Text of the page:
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Title: Perovskite materials for multi-junction solar cell applications
Author: McMeekin, David
ISNI:       0000 0004 7966 2663
Awarding Body: University of Oxford
Current Institution: University of Oxford
Date of Award: 2018
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The work presented in this thesis will describe studies on organic-inorganic perovskite materials when being used in tandem and multi-junction solar cell architectures. Perovskite solar cells (PSC) have recently emerged as a viable absorber material for photovoltaic applications, owing to its remarkable optoelectronic properties along with its ease of fabrication. These attributes have led to a rapid progress in device performance, where over the last few years, perovskite solar cells have reached efficiencies that other solar technologies took decades to achieve. Moreover, one unique economic advantage of this technology is its ability to offer solution-processible fabrication. This characteristic enables perovskites to be applied to existing large-scale deposition techniques on rigid or flexible substrates such as roll-to-roll (R2R) processing, blade coating or inkjet printing techniques. These large area film manufacturing techniques have the promise of drastically lowering solar cell fabrication costs and thus transforming the global energy landscape. By offering an affordable and renewable energy source to satisfy our ever-increasing energy needs, the emerging perovskite solar technology can help lead the fight against climate change. Initially, the work presented in chapters 1 and 2 will serve as an introduction to the theory, background and motivation for the investigation of perovskite solar cells in multi-junction solar cell applications. We also discuss the difficulties encountered by the research community when attempting to design and fabricate a perovskite material suitable for tandem and multi-junction applications. We present in chapter 3 the experimental methods used throughout the thesis. In chapter 4, we introduce a perovskite system that is suitable for tandem applications with c-Si solar cells. This highly crystalline and efficient formamidinium-cesium mixed-cation lead mixed halide [HC(NH2)2](1-x)CsxPb(I(1-y)Bry)3 exhibits improved thermal and photo-stability over the conventional methylammonium lead mixed halide perovskite CH3NH3Pb(Br(1-y)Br(1-y))3. By combining a 1.74 eV [HC(NH2)2]0.83Cs0.17Pb(I0.6Br0.4)3 perovskite material with a crystalline silicon (c-Si) solar cell, we demonstrated a highly efficient 4-terminal tandem architecture. This paved the way for perovskite materials to be utilized in tandem application with the established c-Si. Chapter 5 will discuss the crystallization kinetics and the control of morphology of this formamidinium-cesium mixed-cation lead mixed-halide perovskite system. We show that colloids, present in the precursor solution in the form of lead polyhalides: [PbX3]1-, [PbX4]2-, [PbX5]3-, [PbX6]4-, can serve as nucleation centers and impact the final morphology and optoelectronic properties of the perovskite film. Highly crystalline perovskite material with low electronic disorder and long-lived carrier lifetimes can be obtained through careful consideration of the precursor solution. Finally, in chapter 6, we demonstrate fully solution-processed monolithic all-perovskite tandem and triple-junction solar cells. The ability to sequentially process a perovskite layer on top of underlying perovskite layers opens new possibilities for large scale manufacturing of multi-junction perovskite solar cells. The work presented in this thesis demonstrates the feasibility of using perovskite materials as an absorber in tandem and multi-junction solar cell applications.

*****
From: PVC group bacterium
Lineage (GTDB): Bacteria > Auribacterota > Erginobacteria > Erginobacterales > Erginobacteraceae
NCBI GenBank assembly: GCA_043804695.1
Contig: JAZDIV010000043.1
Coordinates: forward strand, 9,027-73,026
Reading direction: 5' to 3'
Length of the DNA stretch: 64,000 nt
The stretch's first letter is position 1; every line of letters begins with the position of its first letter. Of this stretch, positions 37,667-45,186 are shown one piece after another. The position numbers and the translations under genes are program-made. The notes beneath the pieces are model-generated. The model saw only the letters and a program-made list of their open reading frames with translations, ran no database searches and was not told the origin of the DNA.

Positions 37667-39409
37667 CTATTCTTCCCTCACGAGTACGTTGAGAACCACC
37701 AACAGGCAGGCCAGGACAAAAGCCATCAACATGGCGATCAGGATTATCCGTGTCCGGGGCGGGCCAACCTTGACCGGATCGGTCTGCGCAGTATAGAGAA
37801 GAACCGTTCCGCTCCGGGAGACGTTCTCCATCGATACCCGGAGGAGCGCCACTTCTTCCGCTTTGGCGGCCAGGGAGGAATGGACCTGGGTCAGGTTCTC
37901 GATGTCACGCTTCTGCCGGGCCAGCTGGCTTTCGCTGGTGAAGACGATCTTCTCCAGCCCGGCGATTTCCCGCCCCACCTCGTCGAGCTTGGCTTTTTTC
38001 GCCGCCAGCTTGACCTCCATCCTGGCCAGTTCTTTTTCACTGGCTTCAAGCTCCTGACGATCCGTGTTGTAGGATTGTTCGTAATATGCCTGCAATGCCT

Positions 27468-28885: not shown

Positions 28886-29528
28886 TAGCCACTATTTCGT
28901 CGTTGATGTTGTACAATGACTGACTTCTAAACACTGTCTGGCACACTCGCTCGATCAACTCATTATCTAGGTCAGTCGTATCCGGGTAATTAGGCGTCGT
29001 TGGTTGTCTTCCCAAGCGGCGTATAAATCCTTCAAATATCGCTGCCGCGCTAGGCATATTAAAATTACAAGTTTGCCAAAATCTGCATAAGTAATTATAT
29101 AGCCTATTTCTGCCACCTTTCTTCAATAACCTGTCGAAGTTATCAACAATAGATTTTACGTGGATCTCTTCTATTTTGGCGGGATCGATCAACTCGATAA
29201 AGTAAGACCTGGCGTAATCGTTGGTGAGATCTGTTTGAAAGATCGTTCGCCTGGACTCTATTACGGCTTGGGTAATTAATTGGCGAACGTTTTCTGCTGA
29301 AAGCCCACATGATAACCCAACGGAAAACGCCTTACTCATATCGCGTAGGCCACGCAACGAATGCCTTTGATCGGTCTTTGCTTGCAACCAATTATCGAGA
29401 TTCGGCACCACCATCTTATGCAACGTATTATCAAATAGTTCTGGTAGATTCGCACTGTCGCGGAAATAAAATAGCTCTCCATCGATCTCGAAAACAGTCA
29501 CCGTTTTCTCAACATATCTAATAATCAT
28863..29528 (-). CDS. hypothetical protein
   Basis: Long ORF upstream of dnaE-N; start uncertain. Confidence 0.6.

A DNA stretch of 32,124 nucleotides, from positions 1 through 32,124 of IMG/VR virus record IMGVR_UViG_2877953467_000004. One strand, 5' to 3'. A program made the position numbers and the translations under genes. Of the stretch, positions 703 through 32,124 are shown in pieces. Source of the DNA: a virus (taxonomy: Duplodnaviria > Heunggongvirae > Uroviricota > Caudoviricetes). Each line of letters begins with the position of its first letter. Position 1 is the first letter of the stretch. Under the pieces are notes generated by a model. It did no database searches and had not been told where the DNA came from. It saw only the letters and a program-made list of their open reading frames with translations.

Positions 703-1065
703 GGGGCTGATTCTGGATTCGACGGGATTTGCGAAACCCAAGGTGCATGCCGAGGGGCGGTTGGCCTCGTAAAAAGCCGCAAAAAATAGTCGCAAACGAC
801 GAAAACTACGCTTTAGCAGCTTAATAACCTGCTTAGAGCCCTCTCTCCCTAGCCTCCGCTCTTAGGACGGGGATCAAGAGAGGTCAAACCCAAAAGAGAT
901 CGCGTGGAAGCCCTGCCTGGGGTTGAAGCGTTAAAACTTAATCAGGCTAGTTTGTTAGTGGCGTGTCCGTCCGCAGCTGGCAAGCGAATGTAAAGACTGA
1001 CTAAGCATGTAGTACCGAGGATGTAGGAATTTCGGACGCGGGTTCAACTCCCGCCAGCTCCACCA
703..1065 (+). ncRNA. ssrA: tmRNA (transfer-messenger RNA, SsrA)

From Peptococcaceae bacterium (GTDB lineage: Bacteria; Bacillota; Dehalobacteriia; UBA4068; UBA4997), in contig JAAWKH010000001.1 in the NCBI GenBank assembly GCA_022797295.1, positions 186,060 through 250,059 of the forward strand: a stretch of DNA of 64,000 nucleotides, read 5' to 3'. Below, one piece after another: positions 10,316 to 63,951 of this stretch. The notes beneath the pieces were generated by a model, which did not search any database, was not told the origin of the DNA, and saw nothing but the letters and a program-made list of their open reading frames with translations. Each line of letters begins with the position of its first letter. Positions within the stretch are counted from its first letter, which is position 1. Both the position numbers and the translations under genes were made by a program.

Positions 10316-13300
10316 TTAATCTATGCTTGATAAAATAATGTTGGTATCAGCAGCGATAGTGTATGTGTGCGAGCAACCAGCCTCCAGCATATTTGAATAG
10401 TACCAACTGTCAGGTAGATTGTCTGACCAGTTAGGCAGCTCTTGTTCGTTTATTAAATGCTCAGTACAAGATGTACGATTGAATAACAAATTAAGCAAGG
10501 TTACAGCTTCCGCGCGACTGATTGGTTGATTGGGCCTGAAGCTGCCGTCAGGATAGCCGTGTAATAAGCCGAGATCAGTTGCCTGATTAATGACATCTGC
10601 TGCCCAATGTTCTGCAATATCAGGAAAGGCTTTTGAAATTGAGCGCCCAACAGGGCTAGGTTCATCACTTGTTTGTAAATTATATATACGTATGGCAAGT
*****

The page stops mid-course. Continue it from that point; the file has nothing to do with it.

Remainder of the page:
Supervisor: Snaith, Henry Sponsor: U.S. Office of Naval Research (ONR)
Qualification Name: Thesis (Ph.D.) Qualification Level: Doctoral
EThOS ID:  DOI: Not available